Furthermore, researchers have discovered that yoga can help to improve health because it reduces inflammation. For example, one researcher (Paula R. Pullen) studied heart failure patients: one group were enrolled in yoga classes and the other group followed to standard medical care. In her research, she found that the group of patients taking yoga classes had significantly improved levels of inflammation biomarkers. Inflammation in the body, particularly if it is long-standing, is often a sign that the body is unwell; so having lower levels of these biomarkers shows that inflammation had decreased; a calming of the body.

3. Increases the flexibility of our bodies.

Often, when we start yoga many people can not touch their toes, or do a backbend like cobra. But with practice, a gradual loosening of the body happens, and eventually, the seemingly impossible poses became possible. And, with regular yoga practice, aches and pains start to disappear. There is no coincidence! When our muscles and connective tissue (fascia and ligaments) are not flexible, we can have poor posture, which leads to aches and pains in various parts of our body. Tight hips, for example, can strain the knee joint due to improper alignment of the thigh and shinbones. And tight hamstrings can lead to a flattening of the lumbar spine, which can cause back pain. By practicing yoga you will find a general all-over loosening of the muscles and connective tissue and you can start to enjoy life without pain!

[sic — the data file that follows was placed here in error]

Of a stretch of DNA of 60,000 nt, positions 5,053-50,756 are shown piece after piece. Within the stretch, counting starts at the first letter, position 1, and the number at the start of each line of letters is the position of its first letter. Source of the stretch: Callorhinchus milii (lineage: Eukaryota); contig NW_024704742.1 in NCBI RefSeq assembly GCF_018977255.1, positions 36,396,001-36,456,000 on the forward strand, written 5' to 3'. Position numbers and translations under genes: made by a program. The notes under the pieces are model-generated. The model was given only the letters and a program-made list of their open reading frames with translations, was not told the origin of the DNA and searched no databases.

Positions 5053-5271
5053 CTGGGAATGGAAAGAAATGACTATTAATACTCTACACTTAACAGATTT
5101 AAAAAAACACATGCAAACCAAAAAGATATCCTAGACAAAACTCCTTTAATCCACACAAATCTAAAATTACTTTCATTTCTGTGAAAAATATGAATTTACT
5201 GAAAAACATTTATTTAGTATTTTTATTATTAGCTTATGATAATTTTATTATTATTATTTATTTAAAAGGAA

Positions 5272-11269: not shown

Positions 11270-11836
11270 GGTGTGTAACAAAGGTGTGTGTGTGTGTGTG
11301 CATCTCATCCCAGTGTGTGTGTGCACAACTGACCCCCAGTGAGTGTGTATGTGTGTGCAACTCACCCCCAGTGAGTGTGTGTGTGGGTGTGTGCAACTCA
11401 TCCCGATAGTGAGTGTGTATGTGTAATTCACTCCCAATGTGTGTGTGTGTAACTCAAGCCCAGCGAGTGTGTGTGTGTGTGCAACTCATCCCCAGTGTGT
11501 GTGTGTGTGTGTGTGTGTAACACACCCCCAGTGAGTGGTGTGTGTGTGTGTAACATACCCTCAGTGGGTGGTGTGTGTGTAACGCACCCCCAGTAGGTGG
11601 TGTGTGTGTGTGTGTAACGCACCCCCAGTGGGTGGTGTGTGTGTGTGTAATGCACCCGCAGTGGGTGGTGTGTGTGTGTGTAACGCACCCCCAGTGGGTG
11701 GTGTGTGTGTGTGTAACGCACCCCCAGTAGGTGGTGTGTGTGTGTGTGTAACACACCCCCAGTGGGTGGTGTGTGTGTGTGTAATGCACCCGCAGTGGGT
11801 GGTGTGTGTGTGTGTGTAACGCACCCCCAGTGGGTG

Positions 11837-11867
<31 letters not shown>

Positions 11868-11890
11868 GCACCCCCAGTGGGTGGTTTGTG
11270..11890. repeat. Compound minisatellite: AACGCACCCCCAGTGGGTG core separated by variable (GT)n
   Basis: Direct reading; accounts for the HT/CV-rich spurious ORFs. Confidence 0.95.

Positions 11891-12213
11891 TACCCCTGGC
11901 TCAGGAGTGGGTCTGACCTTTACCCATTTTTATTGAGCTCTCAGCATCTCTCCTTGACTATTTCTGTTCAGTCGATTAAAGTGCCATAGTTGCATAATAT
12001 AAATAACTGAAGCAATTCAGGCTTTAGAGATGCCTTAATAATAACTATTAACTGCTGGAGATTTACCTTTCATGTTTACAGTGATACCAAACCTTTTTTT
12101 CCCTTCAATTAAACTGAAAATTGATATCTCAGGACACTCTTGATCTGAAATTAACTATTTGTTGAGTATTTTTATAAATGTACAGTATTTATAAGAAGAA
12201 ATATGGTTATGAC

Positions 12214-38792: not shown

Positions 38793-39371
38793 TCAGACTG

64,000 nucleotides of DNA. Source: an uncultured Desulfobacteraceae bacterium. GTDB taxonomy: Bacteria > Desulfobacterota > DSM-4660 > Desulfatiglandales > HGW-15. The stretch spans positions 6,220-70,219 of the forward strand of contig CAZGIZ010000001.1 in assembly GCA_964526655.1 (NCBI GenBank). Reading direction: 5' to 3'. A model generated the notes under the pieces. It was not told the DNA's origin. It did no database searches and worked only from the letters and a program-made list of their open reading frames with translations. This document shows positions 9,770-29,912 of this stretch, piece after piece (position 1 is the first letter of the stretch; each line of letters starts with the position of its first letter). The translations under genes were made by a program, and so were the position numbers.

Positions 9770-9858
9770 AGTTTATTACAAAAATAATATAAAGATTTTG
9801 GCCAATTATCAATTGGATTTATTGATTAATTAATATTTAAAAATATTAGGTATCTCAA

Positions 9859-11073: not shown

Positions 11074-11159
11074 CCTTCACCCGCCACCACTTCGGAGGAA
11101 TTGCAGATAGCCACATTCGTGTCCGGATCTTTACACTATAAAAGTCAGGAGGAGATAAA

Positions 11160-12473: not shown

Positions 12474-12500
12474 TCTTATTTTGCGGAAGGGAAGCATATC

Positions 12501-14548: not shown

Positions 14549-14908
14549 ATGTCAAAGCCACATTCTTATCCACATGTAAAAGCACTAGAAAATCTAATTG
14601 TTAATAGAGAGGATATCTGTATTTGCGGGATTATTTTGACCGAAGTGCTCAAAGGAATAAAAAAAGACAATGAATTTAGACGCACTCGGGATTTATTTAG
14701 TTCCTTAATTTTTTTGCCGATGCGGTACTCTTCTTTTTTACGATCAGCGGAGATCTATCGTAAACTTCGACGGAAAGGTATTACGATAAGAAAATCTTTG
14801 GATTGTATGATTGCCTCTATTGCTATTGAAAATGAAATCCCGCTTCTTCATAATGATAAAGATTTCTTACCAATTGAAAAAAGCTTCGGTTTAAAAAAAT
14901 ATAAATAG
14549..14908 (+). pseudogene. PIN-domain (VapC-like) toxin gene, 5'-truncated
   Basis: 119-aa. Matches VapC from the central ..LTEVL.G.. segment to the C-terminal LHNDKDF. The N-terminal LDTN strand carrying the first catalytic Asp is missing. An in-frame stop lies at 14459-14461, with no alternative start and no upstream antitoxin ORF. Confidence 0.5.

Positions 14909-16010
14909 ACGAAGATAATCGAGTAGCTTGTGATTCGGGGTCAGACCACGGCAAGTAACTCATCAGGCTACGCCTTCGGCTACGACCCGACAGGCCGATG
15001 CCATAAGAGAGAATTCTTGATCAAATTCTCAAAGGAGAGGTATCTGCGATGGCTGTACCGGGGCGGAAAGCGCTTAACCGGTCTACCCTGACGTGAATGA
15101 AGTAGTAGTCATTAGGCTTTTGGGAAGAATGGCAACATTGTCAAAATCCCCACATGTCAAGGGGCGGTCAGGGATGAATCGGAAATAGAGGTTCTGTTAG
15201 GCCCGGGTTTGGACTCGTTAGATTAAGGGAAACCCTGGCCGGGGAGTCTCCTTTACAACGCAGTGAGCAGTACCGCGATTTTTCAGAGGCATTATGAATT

4. Builds strength.

Going hand in hand with flexibility, is strength. Here at La Crisalida, we talk alot about balance. Imagine, if you just went to the gym and lifted weights, you might build strength, however this might be at the expense of flexibility. Regular yoga practice helps to build strength and brings balance to the body; in some of the asanas (poses) we learn to hold our own body weight. Strong muscles do more than look good; they also protect us from conditions like arthritis and back pain.